Python allows you to install packages using PIP. This works fine for small projects, but when you want to create a portable application you might run into problems if your application depends on a version of a package that is different to the version that another application depends on. Because by default PIP will install packages in a folder similar to:

1
/usr/lib/python2.7/site-packages/

A folder will be created for the installed library. For example, when I installed flask, it was installed under:

1
/usr/lib/python2.7/site-packages/flask/

As you can see, the library folder is not versioned, so if you install a new version, the older will be overwritten.

Another problem with installing files in a location like /usr/lib/python2.7/site-packages/ is that you need to use sudo to do it. If you don’t have sudo privileges in your current system, you wont be able to install packages (There are other ways around this, but virtual environments is the most elegant).

Installation

1
sudo pip install virtualenv

Usage

Create a folder where your project will live and create a virtual environment:

1
2
3
mkdir ~/python-project
cd ~/python-project
virtualenv env

This creates a copy of python in ~/python-project/env/ that will be used to run python-project. This effectively isolates the version of python(and all its dependencies) from the ones globally installed.

Now that the environment is installed, we need to activate it to start using it:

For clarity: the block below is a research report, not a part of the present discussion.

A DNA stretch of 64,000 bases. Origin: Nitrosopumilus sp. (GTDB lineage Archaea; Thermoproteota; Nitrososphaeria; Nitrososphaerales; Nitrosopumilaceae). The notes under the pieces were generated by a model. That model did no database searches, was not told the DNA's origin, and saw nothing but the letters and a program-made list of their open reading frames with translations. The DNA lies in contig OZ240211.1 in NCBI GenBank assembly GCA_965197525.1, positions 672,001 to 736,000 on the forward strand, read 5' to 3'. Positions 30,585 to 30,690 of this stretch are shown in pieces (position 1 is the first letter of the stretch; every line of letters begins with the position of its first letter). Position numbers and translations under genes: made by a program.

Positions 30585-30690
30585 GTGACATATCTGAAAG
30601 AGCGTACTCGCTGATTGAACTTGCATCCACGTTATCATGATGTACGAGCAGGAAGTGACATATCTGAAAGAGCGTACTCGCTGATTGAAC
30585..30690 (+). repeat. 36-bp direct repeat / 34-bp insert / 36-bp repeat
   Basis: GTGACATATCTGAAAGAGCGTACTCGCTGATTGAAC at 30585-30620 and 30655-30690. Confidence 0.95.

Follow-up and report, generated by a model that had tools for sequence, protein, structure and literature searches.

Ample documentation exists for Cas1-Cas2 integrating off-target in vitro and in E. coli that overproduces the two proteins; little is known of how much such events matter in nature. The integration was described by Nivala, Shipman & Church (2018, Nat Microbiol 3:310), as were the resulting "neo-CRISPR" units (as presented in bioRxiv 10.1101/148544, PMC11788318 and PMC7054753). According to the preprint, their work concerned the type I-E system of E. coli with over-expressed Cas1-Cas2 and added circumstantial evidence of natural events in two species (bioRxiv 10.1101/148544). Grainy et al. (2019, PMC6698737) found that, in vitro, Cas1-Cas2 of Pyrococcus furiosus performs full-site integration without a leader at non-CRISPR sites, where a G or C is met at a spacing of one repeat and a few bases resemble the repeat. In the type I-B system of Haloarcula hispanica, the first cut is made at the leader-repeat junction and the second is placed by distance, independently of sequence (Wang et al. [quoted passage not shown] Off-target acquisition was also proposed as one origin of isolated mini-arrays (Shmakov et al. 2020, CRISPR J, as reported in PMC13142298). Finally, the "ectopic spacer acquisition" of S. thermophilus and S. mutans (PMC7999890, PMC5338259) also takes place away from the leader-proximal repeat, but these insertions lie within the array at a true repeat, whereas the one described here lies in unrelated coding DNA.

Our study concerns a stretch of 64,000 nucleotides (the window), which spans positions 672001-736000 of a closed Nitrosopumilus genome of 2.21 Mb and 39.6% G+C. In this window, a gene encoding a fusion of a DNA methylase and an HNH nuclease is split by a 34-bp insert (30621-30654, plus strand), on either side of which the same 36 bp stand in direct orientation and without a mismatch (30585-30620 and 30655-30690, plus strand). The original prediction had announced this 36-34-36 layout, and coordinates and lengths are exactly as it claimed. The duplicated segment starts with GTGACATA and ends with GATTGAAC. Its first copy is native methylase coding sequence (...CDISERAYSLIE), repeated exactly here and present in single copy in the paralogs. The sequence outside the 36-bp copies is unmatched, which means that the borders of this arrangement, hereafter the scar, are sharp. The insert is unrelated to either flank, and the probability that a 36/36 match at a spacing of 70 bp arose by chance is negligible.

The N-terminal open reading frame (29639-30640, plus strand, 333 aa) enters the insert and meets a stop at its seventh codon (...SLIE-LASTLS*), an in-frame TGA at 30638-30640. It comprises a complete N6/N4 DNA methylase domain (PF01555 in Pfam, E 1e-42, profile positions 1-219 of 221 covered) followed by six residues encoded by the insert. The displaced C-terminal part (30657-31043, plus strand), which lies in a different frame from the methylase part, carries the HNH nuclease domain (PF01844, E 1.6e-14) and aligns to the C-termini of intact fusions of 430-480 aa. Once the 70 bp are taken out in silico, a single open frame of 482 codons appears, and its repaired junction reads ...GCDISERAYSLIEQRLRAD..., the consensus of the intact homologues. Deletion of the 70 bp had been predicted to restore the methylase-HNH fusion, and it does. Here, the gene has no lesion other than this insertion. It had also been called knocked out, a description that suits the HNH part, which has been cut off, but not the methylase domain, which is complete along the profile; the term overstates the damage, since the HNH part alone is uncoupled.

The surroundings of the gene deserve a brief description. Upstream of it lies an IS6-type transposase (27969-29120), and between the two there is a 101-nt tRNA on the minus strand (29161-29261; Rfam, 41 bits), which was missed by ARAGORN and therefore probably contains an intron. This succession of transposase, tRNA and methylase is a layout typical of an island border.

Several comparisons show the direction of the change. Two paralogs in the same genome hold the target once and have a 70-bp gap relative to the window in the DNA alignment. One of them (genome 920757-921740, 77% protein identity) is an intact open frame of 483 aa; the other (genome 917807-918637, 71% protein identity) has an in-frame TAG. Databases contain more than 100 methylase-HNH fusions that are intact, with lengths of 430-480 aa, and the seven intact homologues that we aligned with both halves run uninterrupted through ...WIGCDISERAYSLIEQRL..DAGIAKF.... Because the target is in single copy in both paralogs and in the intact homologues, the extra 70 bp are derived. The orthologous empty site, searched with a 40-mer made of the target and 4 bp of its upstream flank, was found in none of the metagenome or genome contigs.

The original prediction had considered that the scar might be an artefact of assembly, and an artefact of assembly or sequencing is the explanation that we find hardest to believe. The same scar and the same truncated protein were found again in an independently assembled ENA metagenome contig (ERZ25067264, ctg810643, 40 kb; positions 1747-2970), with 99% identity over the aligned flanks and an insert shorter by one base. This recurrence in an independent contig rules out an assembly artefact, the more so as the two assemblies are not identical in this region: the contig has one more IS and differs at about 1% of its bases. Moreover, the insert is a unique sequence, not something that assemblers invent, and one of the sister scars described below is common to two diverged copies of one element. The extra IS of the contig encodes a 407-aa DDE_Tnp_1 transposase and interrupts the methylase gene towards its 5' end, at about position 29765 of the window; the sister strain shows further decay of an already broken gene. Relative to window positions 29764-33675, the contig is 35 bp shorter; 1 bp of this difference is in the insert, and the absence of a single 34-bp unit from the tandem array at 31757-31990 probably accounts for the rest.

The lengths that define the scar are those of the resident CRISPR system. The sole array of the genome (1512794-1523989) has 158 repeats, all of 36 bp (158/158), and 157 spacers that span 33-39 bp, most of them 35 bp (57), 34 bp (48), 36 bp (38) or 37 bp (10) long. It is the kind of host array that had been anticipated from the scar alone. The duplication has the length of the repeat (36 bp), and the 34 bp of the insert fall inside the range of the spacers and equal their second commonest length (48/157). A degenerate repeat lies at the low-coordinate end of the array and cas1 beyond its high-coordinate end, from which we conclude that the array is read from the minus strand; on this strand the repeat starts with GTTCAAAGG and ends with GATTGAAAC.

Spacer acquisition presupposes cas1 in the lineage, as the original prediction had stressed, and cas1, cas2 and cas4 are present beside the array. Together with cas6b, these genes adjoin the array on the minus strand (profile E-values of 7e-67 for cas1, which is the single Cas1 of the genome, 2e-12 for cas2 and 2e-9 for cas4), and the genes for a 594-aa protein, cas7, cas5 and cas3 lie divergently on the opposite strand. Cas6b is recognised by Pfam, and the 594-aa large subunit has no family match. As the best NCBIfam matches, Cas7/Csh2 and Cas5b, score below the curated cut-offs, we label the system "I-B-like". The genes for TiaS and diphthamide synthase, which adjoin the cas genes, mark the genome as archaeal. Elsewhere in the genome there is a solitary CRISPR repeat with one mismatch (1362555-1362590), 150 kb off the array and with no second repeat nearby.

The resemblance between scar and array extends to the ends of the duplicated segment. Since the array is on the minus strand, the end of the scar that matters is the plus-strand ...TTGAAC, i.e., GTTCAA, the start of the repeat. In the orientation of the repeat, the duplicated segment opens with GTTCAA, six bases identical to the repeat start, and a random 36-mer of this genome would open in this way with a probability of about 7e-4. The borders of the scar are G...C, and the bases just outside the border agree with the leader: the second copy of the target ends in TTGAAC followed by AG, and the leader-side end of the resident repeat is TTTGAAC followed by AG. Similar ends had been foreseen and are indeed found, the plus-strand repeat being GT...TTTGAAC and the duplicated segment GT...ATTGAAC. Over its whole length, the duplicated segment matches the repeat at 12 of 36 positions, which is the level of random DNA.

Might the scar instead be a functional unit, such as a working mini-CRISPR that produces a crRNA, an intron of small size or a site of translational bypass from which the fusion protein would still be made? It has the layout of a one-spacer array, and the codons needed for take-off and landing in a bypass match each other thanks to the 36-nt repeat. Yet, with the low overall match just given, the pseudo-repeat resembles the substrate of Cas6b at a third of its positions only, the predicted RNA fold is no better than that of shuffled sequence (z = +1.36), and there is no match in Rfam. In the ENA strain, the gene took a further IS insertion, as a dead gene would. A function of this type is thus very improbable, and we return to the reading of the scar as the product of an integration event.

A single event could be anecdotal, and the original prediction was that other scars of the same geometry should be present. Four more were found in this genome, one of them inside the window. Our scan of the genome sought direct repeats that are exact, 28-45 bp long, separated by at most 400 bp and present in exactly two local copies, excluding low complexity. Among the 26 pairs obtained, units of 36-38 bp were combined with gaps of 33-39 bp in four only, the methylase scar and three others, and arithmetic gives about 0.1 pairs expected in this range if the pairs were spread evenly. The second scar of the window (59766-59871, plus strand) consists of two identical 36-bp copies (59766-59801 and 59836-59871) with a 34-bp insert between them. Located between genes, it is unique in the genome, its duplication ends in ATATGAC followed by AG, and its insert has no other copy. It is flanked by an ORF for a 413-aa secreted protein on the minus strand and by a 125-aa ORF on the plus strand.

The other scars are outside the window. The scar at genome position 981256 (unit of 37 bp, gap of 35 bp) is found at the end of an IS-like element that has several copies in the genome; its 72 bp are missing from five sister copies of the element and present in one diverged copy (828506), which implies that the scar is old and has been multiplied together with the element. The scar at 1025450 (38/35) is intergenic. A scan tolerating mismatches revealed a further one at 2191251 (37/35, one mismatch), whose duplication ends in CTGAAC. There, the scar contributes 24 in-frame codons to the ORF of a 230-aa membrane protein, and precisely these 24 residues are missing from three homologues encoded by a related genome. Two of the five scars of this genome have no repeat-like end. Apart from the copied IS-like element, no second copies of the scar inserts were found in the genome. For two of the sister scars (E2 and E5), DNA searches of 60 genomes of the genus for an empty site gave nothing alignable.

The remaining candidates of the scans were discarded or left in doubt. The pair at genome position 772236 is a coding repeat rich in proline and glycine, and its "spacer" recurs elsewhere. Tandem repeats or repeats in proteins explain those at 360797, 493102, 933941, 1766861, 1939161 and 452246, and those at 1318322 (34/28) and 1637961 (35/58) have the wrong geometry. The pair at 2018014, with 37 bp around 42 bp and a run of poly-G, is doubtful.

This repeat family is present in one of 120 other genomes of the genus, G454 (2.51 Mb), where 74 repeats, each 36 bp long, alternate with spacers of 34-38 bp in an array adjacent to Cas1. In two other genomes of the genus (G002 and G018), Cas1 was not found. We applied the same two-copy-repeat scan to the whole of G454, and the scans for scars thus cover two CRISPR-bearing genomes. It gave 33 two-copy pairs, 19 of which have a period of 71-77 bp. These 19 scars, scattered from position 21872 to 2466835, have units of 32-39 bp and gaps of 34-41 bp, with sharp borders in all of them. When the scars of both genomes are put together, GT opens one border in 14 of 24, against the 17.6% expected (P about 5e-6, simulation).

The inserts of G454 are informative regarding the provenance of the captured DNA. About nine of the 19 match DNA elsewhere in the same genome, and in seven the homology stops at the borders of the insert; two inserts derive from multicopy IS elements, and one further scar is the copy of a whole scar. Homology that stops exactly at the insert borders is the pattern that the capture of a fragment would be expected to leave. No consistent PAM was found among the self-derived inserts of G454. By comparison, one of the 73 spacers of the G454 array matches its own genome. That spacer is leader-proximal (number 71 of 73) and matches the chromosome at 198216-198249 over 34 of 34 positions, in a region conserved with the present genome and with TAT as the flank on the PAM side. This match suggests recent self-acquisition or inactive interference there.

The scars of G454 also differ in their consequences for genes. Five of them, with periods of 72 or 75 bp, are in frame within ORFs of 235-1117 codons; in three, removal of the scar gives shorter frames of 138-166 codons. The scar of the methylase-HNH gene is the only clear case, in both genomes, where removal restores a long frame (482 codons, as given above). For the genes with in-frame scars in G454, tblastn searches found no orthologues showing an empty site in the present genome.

1
. env/bin/activate

This changes the prompt to something like this:

1
(env)[adrian@localhost python-project]$

Once in the virtual environment, installing packages using PIP will do it only for the current project, and sudo won’t be necessary:

1
pip install flask

To go out of the virtual environment you need to deactivate it:

1
deactivate

If you are curious, you can see that the package we installed is now here:

1
~/python-project/env/lib/python2.7/site-packages/flask/

Develop using a virtual environment

Now that we have an environment with our dependencies, we need to use it. Since I’m using flask for my example I’m going to create a sample flask app in ~/python-project/app.py

1
2
3
4
5
6
7
8
9
from flask import Flask
app = Flask(__name__)

@app.route("/")
def hello():
    return "Hello World!"

if __name__ == "__main__":
    app.run()

If you don’t have flask installed globally and you try to run the app you will get an error:

1
2
3
4
5
python app.py
Traceback (most recent call last):
  File "app.py", line 1, in <module>
    from flask import Flask
ImportError: No module named flask

If you activate your environment first you will be able to run your app without the need to install flask globally.

1
2
. env/bin/activate
python app.py

This time your app is executed using only the packages on your virtual environment.

[ programming  python  ]
Introduction to PIP programming python
Writting Django applications for your project programming python
Setting up a Django work environment programming python
Introduction to Object Oriented Programing in Python programming python
Creating functions with Python programming python